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You have to plan things out a bit before you start – your fire needs some structure before you’re ready to light it, with kindling and small pieces of wood. Once that’s going, you can think about adding bigger chunks of wood. If you try to start with the enormous logs, the whole thing dies before you get going, and if you try and add too much too fast you’ll kill it similarly. Once burning, the fire requires attention – you gotta keep adjusting things so that there’s a flow of air and adding more wood. If you don’t keep working at it, before long it will die down and go out. Once you get things burning properly, it’s easier to keep the fire lit than let it go out, and start again. A nice hot fire will quickly get its teeth into whatever new fuel you add in, but a mostly dead one takes time to build back up again. However, if your fire does go out, if you dig around in the ash a little bit, you’ll be surprised how long you can find embers still glowing down in there. So you’re not beginning entirely from scratch. Be patient, and start again.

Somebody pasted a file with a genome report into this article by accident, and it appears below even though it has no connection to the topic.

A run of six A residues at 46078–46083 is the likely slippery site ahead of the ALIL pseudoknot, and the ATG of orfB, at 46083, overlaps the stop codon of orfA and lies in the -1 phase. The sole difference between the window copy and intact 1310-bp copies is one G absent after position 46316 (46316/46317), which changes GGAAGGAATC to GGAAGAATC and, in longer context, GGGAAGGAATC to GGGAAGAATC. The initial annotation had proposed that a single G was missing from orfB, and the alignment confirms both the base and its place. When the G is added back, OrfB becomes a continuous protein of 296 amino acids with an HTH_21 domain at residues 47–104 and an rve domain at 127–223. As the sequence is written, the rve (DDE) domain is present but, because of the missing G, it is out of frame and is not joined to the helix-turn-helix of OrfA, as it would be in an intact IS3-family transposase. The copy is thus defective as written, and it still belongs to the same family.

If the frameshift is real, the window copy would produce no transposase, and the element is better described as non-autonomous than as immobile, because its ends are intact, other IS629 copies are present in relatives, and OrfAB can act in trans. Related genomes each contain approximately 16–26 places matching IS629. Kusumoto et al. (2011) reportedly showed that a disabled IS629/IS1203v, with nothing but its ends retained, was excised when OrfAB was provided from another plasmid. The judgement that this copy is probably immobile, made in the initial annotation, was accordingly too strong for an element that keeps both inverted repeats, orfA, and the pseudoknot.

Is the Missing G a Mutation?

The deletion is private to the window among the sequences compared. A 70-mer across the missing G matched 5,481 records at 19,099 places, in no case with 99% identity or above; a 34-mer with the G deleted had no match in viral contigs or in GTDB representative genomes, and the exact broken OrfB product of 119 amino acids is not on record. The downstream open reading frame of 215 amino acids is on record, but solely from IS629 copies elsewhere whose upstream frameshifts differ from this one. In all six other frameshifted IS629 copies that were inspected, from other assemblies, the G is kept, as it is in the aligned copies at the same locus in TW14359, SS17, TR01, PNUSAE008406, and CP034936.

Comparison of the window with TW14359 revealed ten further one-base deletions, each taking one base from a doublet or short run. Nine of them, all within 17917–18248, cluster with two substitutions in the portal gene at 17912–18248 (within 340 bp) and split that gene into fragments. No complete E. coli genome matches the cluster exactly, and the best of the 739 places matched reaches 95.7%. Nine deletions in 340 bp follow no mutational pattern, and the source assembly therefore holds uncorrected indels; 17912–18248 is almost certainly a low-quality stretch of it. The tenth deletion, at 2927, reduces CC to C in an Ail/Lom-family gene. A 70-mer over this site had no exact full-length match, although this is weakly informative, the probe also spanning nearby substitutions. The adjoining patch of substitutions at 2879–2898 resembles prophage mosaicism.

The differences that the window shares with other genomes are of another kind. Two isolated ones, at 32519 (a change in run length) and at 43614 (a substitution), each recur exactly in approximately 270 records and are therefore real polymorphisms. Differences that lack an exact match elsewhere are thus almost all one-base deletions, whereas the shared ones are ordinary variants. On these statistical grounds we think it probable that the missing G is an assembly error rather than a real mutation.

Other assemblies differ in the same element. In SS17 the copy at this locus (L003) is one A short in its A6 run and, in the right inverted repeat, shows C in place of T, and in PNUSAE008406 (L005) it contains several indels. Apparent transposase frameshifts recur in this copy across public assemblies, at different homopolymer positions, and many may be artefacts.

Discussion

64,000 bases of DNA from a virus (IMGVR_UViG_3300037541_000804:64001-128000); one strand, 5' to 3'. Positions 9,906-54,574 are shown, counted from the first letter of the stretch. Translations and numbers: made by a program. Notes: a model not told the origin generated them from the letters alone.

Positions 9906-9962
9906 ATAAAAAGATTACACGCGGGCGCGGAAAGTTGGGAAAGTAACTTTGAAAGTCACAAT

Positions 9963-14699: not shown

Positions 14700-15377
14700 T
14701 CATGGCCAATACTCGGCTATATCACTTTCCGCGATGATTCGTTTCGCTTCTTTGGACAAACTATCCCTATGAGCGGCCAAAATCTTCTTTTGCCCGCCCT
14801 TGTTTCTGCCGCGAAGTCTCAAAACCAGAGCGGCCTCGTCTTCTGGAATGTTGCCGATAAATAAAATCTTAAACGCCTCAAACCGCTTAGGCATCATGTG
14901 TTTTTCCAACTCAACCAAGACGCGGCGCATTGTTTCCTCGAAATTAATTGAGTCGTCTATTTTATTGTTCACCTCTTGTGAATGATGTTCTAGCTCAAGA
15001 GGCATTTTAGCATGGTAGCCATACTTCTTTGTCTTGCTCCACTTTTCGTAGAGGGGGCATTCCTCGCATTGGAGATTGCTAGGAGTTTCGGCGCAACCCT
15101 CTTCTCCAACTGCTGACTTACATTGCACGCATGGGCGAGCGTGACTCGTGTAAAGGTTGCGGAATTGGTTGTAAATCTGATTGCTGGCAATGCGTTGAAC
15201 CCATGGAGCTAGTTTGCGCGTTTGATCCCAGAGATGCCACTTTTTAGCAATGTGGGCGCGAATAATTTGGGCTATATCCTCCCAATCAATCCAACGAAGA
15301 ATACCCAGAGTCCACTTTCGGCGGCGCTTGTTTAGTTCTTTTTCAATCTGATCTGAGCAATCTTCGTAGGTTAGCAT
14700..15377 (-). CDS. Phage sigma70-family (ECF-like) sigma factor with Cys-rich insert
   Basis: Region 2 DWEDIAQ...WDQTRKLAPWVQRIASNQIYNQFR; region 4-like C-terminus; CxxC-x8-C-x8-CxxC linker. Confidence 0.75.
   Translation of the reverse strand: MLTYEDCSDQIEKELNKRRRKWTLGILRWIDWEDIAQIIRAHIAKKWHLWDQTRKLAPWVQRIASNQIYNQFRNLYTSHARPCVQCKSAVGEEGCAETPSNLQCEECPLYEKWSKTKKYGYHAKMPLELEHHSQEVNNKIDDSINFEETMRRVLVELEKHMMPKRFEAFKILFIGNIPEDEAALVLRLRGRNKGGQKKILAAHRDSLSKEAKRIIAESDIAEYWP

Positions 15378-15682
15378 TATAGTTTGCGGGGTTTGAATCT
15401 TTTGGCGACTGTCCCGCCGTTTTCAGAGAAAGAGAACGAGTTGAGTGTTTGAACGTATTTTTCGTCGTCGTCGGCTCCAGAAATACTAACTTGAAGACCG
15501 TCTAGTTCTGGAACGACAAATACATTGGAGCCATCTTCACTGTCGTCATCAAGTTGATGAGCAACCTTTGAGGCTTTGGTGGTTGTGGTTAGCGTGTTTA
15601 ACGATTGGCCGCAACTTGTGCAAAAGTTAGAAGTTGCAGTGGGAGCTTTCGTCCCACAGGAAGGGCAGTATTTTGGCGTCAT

That was, I swear, not a big pile of writing advice.

Thanks for reading.

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I guess it’s 2018

So we’re here at the start of 2018, and I see a lot of people are either doing ‘year in retrospective’ or ‘plans for the year ahead’ blogs. This is not going to be one of those, not really.

I was never big into New Year’s resolutions, and I don’t do them at all, anymore. Lots of people are – we set up lists and make declarations and then sometimes grade ourselves on our performance. I guess I’m not convinced it’s helpful. A lot of times these things just turn into ways for us to persuade ourselves that we’re unworthy, and I think most of use get enough of that.